Rohingya women beaten by husbands and girls face forced marriage in camps

Rohingya women who fled their homes in Burma are now being beaten and abandoned by their husbands, while young girls are facing increased pressure to marry, aid workers say.

Polygamy, violence against women and forced early marriages are a "growing critical problem" in the cramped refugee camps in Cox's Bazar, southern Bangladesh, ActionAid is warning.

Almost 700,000 Rohingya refugees have fled neighbouring Burma since last August amid reports of extreme violence, forming a total of more than 900,000 displaced people in the numerous sprawling camps.

Many are already traumatised, and now face the potentially catastrophic disruption of the looming monsoon season, which charities fear will increase their vulnerability.

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Rahima, who has four children under the age of 11, including a baby born in the camps, said her violent husband had abused her in Burma and continued to do so after they fled.

The 28-year-old had saved the equivalent of £3,500 and gold, which her husband stole before abandoning her and crossing to Bangladesh alone.

When she finally arrived in the camps with her children in September, she could not find her husband, later discovering he had remarried. He now plans to leave the camps with his new wife.

Speaking through a translator, she said: "Now I am saying to my husband: 'You may not think about me, I am your wife, but how can you ignore your children? They need food, they need materials to build their life, but he doesn't pay anything."

ActionAid is using British donations to run two women-friendly spaces and a centre in the Moinerghona settlement - safe havens where women and girls can socialise over games, take part in drama workshops, get health checks and, crucially, speak to trained counsellors to process the trauma they are carrying.

The charity has also set up Rohingya women-led committees to let aid workers know what they need to feel safe, such as separate, secure bathrooms, and solar lights to guide their way at night.

Almost 200 women have already received tailoring training using sewing machines and a further 180 are learning the skill.

Families are sleeping in cramped shacks like this one, many of which are built into unstable hillsides (Jemma Crew/PA)
Families are sleeping in cramped shacks like this one, many of which are built into unstable hillsides (Jemma Crew/PA)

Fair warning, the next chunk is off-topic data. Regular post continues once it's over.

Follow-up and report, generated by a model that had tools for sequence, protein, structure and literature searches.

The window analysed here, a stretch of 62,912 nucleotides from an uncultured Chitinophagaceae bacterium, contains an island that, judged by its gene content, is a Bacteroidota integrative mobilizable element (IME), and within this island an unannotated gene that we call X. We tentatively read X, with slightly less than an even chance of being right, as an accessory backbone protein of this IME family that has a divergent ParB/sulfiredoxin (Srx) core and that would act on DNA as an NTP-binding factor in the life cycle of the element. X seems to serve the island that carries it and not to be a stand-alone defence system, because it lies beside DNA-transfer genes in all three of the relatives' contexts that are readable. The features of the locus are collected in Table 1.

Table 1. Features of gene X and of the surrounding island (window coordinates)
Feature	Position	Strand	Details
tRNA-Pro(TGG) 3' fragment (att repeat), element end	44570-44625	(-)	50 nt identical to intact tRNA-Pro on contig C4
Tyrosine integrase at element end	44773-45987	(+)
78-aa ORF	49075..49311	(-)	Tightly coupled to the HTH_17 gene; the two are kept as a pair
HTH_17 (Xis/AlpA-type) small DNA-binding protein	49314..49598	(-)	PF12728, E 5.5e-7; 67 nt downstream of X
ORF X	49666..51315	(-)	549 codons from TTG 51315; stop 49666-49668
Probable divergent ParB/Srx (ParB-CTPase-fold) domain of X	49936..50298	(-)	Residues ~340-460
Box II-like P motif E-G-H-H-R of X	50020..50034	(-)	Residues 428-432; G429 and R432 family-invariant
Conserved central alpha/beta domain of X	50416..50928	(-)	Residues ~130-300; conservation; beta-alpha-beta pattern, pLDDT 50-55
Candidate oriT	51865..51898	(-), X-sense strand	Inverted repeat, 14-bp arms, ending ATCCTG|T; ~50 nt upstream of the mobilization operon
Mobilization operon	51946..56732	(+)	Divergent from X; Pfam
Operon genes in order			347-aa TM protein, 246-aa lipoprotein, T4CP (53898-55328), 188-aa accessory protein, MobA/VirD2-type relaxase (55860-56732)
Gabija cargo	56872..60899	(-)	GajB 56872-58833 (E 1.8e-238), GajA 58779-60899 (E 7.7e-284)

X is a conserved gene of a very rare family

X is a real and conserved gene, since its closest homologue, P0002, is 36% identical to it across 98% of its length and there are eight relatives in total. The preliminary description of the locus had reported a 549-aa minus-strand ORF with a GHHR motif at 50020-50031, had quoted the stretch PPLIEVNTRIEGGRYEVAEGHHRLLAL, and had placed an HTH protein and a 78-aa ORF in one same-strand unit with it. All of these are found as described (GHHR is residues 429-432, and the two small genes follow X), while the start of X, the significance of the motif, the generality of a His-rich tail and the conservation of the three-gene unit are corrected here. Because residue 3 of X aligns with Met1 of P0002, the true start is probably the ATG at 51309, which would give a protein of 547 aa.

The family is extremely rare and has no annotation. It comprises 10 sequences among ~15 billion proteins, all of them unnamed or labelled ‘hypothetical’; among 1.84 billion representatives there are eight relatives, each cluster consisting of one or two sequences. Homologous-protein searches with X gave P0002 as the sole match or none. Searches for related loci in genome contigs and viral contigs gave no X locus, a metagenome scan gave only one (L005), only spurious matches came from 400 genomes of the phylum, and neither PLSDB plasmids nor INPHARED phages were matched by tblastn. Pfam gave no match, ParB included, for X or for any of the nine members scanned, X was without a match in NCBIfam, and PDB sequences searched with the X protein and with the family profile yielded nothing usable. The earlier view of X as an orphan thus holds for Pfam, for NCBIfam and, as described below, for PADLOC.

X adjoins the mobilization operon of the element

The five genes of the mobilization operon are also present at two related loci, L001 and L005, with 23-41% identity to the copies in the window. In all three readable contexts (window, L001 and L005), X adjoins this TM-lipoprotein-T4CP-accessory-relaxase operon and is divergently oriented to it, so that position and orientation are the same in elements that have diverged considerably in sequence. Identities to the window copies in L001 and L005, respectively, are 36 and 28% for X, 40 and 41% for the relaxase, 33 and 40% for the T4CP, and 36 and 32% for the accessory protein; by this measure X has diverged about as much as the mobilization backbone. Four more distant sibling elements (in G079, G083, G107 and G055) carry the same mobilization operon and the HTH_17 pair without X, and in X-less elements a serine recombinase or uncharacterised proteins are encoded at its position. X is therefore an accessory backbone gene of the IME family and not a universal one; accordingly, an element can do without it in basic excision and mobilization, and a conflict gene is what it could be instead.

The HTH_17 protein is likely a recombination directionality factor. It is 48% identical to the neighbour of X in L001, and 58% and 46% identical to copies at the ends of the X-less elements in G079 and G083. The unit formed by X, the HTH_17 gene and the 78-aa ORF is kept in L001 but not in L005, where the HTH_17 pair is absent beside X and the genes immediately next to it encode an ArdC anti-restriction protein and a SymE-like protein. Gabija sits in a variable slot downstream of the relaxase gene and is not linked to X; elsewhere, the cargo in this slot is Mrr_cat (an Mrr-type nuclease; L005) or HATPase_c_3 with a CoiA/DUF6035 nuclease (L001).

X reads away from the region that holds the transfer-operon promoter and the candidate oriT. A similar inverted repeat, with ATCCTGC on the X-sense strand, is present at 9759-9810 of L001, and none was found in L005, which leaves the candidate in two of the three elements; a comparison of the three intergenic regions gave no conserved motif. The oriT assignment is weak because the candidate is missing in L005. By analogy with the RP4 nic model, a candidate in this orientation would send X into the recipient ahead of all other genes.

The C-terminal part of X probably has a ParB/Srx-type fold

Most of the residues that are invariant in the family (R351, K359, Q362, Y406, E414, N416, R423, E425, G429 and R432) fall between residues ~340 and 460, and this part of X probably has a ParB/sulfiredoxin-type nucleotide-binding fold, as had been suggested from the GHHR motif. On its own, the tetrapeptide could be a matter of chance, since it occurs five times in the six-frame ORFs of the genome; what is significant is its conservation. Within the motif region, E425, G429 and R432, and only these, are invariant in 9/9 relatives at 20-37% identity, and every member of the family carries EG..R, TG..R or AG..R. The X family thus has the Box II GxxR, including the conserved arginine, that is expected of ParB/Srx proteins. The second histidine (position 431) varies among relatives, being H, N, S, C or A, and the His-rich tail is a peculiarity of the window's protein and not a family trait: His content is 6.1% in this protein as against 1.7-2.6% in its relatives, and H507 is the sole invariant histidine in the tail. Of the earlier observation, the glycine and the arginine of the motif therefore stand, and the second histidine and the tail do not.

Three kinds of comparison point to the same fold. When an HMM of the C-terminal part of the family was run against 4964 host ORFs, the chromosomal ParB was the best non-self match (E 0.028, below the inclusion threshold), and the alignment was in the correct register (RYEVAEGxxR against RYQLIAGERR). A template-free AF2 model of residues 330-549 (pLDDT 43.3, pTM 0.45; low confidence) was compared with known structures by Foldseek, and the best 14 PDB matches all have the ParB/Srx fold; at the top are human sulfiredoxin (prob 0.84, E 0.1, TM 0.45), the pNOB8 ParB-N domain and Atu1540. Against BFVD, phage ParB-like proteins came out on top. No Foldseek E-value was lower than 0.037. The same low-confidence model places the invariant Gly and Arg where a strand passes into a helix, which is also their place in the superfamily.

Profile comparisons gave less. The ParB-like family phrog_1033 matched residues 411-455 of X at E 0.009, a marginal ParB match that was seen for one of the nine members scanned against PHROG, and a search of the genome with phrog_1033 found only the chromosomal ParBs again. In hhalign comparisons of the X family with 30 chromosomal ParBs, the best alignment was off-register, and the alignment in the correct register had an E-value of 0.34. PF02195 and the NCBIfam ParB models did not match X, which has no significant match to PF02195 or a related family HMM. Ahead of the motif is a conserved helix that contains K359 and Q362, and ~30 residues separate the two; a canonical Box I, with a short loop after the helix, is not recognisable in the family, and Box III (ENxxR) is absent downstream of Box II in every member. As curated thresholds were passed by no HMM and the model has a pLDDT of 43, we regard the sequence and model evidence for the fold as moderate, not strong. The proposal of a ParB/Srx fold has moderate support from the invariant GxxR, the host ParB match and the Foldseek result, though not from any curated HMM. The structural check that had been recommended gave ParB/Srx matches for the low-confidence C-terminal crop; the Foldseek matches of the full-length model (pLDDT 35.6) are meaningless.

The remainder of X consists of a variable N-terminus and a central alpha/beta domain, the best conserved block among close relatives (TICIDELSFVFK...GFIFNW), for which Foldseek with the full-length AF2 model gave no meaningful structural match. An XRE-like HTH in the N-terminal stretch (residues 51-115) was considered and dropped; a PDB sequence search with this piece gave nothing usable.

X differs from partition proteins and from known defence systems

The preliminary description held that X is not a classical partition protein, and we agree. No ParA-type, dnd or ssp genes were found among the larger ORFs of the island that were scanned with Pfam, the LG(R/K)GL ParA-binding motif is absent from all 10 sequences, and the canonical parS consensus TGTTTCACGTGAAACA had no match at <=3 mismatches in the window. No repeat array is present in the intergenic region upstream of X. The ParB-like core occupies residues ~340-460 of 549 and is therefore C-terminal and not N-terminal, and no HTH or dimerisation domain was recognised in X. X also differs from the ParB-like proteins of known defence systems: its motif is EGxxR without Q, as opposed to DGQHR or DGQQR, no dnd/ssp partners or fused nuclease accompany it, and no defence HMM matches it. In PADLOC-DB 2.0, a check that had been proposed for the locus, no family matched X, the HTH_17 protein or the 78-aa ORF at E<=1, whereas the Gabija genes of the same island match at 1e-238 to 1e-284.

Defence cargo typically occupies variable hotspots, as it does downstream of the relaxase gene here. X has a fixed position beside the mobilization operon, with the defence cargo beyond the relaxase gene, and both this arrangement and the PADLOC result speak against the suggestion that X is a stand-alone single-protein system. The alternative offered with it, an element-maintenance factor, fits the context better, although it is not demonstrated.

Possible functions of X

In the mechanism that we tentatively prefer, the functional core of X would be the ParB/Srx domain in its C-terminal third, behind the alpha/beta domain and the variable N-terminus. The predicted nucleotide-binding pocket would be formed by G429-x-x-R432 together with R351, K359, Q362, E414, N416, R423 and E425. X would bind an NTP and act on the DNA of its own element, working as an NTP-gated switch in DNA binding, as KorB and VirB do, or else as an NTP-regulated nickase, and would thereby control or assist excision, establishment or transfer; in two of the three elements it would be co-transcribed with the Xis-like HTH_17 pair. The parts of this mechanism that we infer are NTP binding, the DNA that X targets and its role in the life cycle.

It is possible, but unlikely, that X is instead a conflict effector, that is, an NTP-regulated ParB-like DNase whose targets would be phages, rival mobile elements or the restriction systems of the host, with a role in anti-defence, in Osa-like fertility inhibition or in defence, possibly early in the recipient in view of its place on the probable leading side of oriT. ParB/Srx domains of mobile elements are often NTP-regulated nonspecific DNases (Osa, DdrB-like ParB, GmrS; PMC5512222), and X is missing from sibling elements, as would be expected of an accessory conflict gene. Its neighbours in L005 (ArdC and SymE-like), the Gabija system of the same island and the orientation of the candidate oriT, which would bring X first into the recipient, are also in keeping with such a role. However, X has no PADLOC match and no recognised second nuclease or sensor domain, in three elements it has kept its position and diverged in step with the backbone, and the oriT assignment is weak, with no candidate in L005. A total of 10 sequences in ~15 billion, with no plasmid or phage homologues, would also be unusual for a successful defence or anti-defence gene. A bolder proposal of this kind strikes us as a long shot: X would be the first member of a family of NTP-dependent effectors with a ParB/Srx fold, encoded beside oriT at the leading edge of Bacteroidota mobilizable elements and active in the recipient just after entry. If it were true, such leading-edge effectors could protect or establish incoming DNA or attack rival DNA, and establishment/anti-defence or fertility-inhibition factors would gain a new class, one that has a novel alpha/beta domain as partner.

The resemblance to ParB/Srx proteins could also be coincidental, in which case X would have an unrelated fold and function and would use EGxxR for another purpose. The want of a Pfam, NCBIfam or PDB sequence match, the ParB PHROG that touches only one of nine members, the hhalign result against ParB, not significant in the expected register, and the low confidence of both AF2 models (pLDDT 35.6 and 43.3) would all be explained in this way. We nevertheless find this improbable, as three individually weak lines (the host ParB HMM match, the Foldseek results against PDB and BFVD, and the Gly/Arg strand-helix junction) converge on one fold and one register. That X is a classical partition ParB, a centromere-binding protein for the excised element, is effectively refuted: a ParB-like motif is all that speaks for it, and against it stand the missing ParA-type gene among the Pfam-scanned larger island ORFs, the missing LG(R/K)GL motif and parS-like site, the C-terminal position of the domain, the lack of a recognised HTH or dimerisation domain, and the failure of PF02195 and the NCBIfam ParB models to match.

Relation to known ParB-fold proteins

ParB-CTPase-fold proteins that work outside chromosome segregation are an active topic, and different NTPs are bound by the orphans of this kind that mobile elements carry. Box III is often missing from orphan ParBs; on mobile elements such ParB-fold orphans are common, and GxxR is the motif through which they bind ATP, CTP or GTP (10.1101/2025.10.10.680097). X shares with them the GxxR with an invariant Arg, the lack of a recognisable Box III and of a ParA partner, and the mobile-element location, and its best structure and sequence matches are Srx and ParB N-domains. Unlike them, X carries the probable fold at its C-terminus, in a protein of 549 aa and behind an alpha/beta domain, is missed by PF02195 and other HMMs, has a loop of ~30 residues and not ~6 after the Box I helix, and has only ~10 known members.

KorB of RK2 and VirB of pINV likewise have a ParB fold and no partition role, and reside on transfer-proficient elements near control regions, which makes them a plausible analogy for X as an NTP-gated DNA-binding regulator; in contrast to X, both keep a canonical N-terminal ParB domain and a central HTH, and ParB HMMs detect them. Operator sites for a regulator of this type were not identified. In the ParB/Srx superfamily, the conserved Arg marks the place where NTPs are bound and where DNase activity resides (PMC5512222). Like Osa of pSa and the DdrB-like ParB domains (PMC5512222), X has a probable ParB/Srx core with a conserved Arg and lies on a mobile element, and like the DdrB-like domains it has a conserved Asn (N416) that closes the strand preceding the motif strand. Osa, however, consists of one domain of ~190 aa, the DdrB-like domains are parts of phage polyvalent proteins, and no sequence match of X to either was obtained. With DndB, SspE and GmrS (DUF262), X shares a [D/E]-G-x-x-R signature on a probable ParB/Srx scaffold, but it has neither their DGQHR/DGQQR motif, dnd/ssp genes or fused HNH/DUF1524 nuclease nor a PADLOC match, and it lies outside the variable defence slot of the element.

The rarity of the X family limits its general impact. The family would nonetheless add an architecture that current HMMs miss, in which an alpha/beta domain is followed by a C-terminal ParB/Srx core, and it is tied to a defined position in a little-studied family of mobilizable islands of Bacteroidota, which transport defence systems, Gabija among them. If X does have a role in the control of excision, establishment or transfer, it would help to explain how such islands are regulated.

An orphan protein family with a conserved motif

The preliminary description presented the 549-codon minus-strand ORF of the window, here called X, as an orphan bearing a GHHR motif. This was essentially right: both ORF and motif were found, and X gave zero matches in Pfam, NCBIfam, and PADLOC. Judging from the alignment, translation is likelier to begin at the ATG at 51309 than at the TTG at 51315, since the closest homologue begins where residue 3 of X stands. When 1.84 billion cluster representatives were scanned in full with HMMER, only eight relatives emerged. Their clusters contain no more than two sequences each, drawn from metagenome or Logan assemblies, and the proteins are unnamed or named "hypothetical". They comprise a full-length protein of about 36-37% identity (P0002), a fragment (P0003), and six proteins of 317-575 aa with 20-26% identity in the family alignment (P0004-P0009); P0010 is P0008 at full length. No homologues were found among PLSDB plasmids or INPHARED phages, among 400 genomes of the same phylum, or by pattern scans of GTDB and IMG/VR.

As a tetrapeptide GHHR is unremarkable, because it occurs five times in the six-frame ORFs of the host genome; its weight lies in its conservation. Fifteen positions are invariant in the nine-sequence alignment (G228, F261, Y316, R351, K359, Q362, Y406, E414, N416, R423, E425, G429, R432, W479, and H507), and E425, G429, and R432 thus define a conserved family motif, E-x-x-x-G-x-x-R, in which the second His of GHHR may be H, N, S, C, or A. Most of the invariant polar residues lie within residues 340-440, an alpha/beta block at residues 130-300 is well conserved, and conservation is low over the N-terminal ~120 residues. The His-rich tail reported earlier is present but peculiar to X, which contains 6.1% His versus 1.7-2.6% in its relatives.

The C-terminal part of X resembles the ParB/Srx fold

Rahima, one of those trained, said she comes to the "peaceful" space almost every day with her baby to escape the crippling heat of her shelter and relax.

She is able to earn a little money from her machine embroidery, and wants to learn how to make fishing nets and caps.

But, she said: "I cannot think of hopes and dreams, because I already struggle with my four children. I can't see anything in my future. The future is dark, I don't see anything."

"I am depending on Allah because Allah helped to make my life rich for all these years so he will make sure that I will survive," she added.

Another Rohingya woman said her pregnant older sister had returned to sleep in the family tent because her husband, who she married in the camps, was physically abusing her.

The teenager said the family were worried about giving him the full dowry payment while he is being violent and fear he may seek out a second wife.

When the family became aware of the husband's actions they asked her to abort the baby, but she refused, and are now worried about her bringing up a newborn in such instability.

Women's rights and protection coordinator for ActionAid in Cox's Bazar, Shahanoor Akter Chowdhury, said intimate partner violence was "very common" and polygamy another "growing critical problem", with mothers desperate to secure their daughters' futures and men being bribed to remarry with the lure of large dowry payments.

But young girls spoken to by the Press Association said they were determined not to marry until they were able to return to Burma, where the dowry would be less.

Shahanoor Akter Chowdhury, Women Rights and Protection Coordinator at ActionAid in Cox's Bazar (Jemma Crew/PA)
Shahanoor Akter Chowdhury, Women Rights and Protection Coordinator at ActionAid in Cox's Bazar (Jemma Crew/PA)

She said: "The women who talked to us today - four months ago we wouldn't bring one word out of their mouth. Now they can talk about themselves, they can talk about their problems, their needs, they ask for solutions, they want justice. So they can cry for their demands and I see that as a very positive change."

Mike Noyes, deputy director of humanitarian policy and practice at ActionAid UK, who has recently returned from the camps, said they were focusing on putting women and girls in control.

He said: "At ActionAid we know from experience that in a humanitarian crisis, women and girls are hit hardest - and the situation of the Rohingya refugees is a particularly cruel example of this.

"Many of the Rohingya women and girls we're working with have suffered appalling sexual violence, and are deeply traumatised.

"On top of this, extreme poverty and desperation - such as we're seeing in Cox's Bazar - increases the risk of domestic violence, and puts pressure on families to 'marry off' their daughters or sisters to someone who can provide for them."